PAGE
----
Second generation problems in schooling: Lessons from Mizoram

By: V Santhakumar

Mizoram is one of the states in India which has been successful in bringing almost all children to at least the primary school and ensuring reasonably adequate infrastructure and other facilities for school education at a reasonable distance for most inhabitations2. This has been possible through the governmental efforts to provide schooling and the social changes which created the demand for schooling. However, the state seems to be facing second-generation problem regarding `schooling for all’. These include the (lower) quality of education; the growing demand for private schools in localities where there already are government schools, and; the difficulty in retaining children in higher (secondary and higher secondary) grades. It is interesting to learn about these new challenges in Mizoram, which has achieved primary schooling for all ahead of the other states. This paper discusses some of these second- generation problems associated with universal schooling in Mizoram. This paper is based on a short-period field study conducted in five locations (rural and urban) in Mizoram during which we visited government, Church-managed and private schools and had discussions with teachers and parents.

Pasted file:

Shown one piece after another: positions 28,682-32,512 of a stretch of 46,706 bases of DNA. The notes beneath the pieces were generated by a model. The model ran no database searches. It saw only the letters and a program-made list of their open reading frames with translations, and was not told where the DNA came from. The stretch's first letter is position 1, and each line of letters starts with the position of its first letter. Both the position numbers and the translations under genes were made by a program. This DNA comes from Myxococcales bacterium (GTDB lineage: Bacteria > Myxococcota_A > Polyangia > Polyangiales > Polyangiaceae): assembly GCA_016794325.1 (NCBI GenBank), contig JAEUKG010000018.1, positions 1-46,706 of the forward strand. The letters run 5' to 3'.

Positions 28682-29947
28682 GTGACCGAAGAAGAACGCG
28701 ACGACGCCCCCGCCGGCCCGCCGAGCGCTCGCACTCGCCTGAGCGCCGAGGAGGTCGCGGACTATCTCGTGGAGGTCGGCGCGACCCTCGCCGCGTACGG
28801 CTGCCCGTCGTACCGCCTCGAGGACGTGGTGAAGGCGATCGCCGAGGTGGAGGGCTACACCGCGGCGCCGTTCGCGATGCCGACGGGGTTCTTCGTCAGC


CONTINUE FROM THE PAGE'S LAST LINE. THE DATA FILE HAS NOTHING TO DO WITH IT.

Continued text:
Full paper can be read here:

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